Amateur Radio Volunteers Support Michigan’s “One Helluva Ride” Bicycle Tour

From the ARRL News Desk: http://www.arrl.org/news/view/amateur-radio-volunteers-support-michigans-one-helluva-ride-bicycle-tour

07/12/2017
Some two dozen Amateur Radio volunteers supported communication for the Ann Arbor Bicycle Touring Society’s (AABTS) 41st running of the One Helluva Ride (OHR) bicycle tour on July 8 in Michigan. The race derives its moniker from the fact that the longer route options pass through the town of Hell. The annual loop tour, which starts and finishes at the Chelsea Fairgrounds, offers rides from 15 miles to 100 miles. This was the 27th year that the Arrow Communication Association (ARROW) — an ARRL Special Service Club — has overseen the communication infrastructure and supplied SAG support (for those “sagging behind”).

“There are many places on the route where cell phone coverage is marginal, making Amateur Radio an excellent choice,” said George Byrkit, K9TRV. “Small beams are deployed at the food stops to provide more reliable communication with net control.” Byrkit served as the morning net control station, while Dan Romanchik, KB6NU, handled the afternoon shift.

ARROW had support from the Chelsea Amateur Radio Club (CARC) and the Livingston County Amateur Radio Klub (LARK). The operation employed two of the Chelsea club’s 2-meter repeaters, which were linked to broaden the coverage.

The hams provide SAG vehicles as well as volunteers to ride along in AABTS vehicles. Among other non-communication tasks, they provide spare tire tubes, foot pumps, food and water, and transportation for those experiencing mechanical failure or exhaustion. Hams also are placed at each of the three food stops.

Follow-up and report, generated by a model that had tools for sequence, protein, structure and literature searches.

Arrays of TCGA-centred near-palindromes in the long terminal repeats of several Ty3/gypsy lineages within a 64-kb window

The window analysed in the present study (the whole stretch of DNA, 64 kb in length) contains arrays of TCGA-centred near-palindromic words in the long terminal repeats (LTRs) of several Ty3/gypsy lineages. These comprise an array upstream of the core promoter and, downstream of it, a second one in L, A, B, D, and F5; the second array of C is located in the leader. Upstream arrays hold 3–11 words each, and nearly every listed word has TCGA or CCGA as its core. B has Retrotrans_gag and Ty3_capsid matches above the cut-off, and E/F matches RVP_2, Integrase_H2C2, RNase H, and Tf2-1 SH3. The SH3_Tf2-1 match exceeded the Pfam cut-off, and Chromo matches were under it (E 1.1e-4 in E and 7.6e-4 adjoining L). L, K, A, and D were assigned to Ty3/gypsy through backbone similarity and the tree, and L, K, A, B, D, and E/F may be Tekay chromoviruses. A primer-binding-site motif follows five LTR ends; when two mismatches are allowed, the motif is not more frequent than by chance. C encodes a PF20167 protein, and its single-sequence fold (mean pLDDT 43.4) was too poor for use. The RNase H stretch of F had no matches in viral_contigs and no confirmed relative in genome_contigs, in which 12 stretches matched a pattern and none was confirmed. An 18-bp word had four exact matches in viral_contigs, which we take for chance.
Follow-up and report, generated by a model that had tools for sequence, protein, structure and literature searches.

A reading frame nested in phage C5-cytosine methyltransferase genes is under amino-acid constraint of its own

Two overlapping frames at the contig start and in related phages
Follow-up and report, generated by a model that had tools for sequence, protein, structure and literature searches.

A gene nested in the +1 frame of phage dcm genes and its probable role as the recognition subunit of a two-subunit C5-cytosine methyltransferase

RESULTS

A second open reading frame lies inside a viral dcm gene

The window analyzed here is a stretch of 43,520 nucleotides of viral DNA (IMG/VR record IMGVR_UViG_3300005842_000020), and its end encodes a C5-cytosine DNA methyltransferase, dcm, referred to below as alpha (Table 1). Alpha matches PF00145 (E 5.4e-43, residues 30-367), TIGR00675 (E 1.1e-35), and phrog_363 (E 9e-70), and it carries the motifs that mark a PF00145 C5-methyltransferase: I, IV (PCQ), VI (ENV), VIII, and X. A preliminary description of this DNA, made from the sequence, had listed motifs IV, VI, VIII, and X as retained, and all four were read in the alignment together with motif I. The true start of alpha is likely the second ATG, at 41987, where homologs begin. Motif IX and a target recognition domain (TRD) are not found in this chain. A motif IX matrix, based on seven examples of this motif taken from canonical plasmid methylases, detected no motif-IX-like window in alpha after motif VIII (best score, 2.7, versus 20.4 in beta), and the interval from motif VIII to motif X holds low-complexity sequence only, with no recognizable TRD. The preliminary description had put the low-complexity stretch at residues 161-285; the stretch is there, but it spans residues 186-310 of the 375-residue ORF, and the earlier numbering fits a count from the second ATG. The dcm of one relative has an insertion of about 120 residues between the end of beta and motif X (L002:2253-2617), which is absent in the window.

This year, 100 riders registered for the 15-mile fun ride for youngsters with parents. Some 1,500 riders took the longer routes. No serious injuries were reported.

In addition to Byrkit, volunteers included ARROW President Dinesh Cyanam, AB3DC; George Byrkit, K9TRV; Dan Romanchik, KB6NU; Dave New, N8SBE; Mark Goodwin, W8FSA; Ulysses Balis, N4IYL; Faye Ogasawara, KE8DDB; Jameson Eisele, KD8PIJ; Steve Bemis, W8AYN; Don Winsor, AC8TO; Bob Lyons, KI8AB; Eric Lyons, KC8GBR; Jim Lommel, WD8RWI; Quentin Guzek, KD8IPF; Sam Spiteri, K8NOS; Steve Andre, WB8WSF; Jay Nugent, WB8TKL; Mary Anne Nugent, W8VWY; Joe Glandorf, AC8ES; Willie Peloquin, N8WP; Bruce Freeburger, KD8MFR; Rick Pugh, WR8W; Jim Jagow, KD8TBT; Steve Rogacki, AC8GO; Glen Bowe, KT8KTU; Ralph Katz, AA8RK, and Lawrence Davies, K4ETD.

“These hams drove over 2,400 miles, providing SAG support,” Byrkit said. “Ninety-five percent of the SAG drivers are ham radio operators. The other cars have hams placed in them so that communication with them is possible over the entire route. Ham radio has the benefit of being able to find out who is nearest to someone needing help, unlike cell phones. At least 8 of the vehicles were pinging their locations via APRS.”

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